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Sexual selection affects climate adaptation in collared flycatchers
Uppsala University, Disciplinary Domain of Science and Technology, Biology, Department of Ecology and Genetics, Animal ecology.ORCID iD: 0000-0002-0706-458X
Uppsala University, Disciplinary Domain of Science and Technology, Biology, Department of Ecology and Genetics, Animal ecology.
University of Helsinki.
Uppsala University, Disciplinary Domain of Science and Technology, Biology, Department of Ecology and Genetics, Animal ecology.
(English)Article in journal (Refereed) Submitted
Abstract [en]

The role of sexual selection in climate adaptation is debated. We tested whether sexual selection has the potential to speed up adaptation to new thermal environments in a natural population of collared flycatchers. Based on a three-year cross-fostering experiment, we found that the size of a sexually selected trait predicted offspring metabolic rate: male collared flycatchers with large forehead patches sired offspring with low metabolic rate regardless of the ambient temperature. Thus, there was a stable significant relationship between forehead patch size of genetic fathers and offspring metabolic rate. Nestlings with low metabolic rate experienced a survival advantage when growing under high temperatures, which is consistent with the prediction that a low metabolic rate confers a fitness advantage in warm climates. Our study shows that sexual selection can affect climate adaptation. 

Keyword [en]
sexual selection, climate adaptation, resting metabolic rate, Ficedula flycatcher
National Category
Evolutionary Biology
URN: urn:nbn:se:uu:diva-309967OAI: oai:DiVA.org:uu-309967DiVA: diva2:1053216
Available from: 2016-12-08 Created: 2016-12-08 Last updated: 2016-12-08
In thesis
1. Speciation and Metabolic rate: Insights from an avian hybrid zone
Open this publication in new window or tab >>Speciation and Metabolic rate: Insights from an avian hybrid zone
2017 (English)Doctoral thesis, comprehensive summary (Other academic)
Abstract [en]

The role of divergent climate adaptation in speciation has received surprisingly little scientific attention. My dissertation research focused on how resting metabolic rate (RMR) relates to the build up of prezygotic and postzygotic isolation in a natural Ficedula flycatcher hybrid zone. RMR is the amount of energy an organism needs to run its internal organs. Since RMR is related to life history traits and thermoregulation in other systems, it is likely to affect speciation processes at secondary contact. I found that adult collared flycatchers displace pied flycatchers into increasingly poor habitats (Paper I). Pied nestlings exhibit lower RMR in poor environments (Paper II), which may promote regional coexistence and habitat isolation by making it possible for pied flycatchers to escape competition from collared flycatchers and reduce the risk of hybridization by breeding in the poorer habitats. Further, I found that while collared flycatcher nestling RMR was not environmentally-dependent (Paper II, Paper III), those collared flycatcher nestlings that had a lower RMR in poor environments tended to have higher condition (Paper III). Further, RMR was genetically linked to a sexual ornament in collared males that has previously been shown to be beneficial in poor environments. Lastly, I found that by seven days old, nestlings increase their metabolic rate when listening to song, indicating that they are listening, and by 9 days they can discriminate between songs (Paper IV). Taken together, RMR could affect pre-zygotic isolation via correlations with life history strategies, song and sexual ornaments. RMR is also related to post zygotic isolation in Ficedula flycatchers. I found that flycatcher hybrids tended to have a higher RMR than the parental species (Paper V), and that there were many differentially expressed genes in energetically expensive organs in hybrids that were related to metabolic function (Paper VI). Thus, metabolic dysfunction, possibly caused by genetic incompatibilities, in Ficedula flycatcher hybrids could be a factor leading to infertility and postzygotic isolation between the parental species. Overall, I find that RMR could be a general physiological trait that affects both pre- and postzygotic isolation in hybridizing species at secondary contact, and ought to be more thoroughly considered in speciation research.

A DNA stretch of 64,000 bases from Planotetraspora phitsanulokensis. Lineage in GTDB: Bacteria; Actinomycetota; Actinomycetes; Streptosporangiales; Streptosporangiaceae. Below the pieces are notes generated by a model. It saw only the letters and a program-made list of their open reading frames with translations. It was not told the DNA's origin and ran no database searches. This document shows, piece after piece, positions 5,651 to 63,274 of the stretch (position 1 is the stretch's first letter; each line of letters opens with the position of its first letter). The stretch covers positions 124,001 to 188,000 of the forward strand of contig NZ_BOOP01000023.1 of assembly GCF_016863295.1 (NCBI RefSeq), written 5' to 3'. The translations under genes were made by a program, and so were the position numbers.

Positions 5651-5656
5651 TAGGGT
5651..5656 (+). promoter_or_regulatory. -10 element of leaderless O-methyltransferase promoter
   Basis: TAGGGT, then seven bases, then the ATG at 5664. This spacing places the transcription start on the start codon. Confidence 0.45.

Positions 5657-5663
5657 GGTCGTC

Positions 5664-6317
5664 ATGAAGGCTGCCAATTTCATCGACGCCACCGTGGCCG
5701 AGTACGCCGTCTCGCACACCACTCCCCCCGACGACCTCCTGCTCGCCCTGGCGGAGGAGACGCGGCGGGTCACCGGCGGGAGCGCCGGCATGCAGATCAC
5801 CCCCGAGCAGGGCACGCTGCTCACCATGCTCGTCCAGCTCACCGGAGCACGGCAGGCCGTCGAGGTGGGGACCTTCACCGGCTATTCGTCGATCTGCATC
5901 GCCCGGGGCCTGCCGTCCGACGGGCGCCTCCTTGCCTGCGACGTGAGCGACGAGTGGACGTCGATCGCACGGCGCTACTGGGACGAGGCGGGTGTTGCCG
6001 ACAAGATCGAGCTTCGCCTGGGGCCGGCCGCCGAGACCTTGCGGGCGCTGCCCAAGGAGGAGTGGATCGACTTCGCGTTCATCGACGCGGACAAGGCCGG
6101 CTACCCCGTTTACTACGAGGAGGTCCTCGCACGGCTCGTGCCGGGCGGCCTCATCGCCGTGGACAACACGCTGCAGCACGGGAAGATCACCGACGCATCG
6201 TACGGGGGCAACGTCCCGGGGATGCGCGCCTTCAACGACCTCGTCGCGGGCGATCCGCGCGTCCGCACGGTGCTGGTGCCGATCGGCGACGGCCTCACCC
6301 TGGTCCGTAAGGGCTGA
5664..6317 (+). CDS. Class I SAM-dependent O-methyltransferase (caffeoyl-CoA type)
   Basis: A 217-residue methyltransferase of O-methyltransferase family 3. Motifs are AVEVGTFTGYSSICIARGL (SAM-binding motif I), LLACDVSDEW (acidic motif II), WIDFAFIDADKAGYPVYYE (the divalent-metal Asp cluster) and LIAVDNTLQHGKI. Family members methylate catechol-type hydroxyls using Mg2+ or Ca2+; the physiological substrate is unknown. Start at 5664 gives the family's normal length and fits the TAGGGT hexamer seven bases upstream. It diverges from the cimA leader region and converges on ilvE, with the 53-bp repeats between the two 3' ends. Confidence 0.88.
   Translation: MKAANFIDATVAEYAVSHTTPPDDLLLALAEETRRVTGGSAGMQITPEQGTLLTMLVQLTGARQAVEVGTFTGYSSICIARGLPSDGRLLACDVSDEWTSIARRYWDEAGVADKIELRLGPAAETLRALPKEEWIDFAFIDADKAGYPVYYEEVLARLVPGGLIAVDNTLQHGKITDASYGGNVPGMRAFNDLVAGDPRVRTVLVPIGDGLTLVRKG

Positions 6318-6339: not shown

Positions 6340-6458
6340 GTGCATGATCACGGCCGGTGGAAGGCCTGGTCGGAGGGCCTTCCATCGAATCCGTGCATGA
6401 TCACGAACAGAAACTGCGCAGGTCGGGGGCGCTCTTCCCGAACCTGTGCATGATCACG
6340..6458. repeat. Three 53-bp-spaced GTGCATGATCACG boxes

Place, publisher, year, edition, pages
Uppsala: Acta Universitatis Upsaliensis, 2017. 43 p.
Digital Comprehensive Summaries of Uppsala Dissertations from the Faculty of Science and Technology, ISSN 1651-6214 ; 1462
resting metabolic rate, life history, hybridization, speciation, reproductive isolation, Ficedula flycatcher
National Category
Ecology Evolutionary Biology Genetics
Research subject
Biology with specialization in Animal Ecology
urn:nbn:se:uu:diva-309969 (URN)978-91-554-9776-7 (ISBN)
Public defence
2017-02-10, Zootissalen, Villavägen 9, Uppsala, 10:00 (English)
Available from: 2017-01-19 Created: 2016-12-08 Last updated: 2017-01-19

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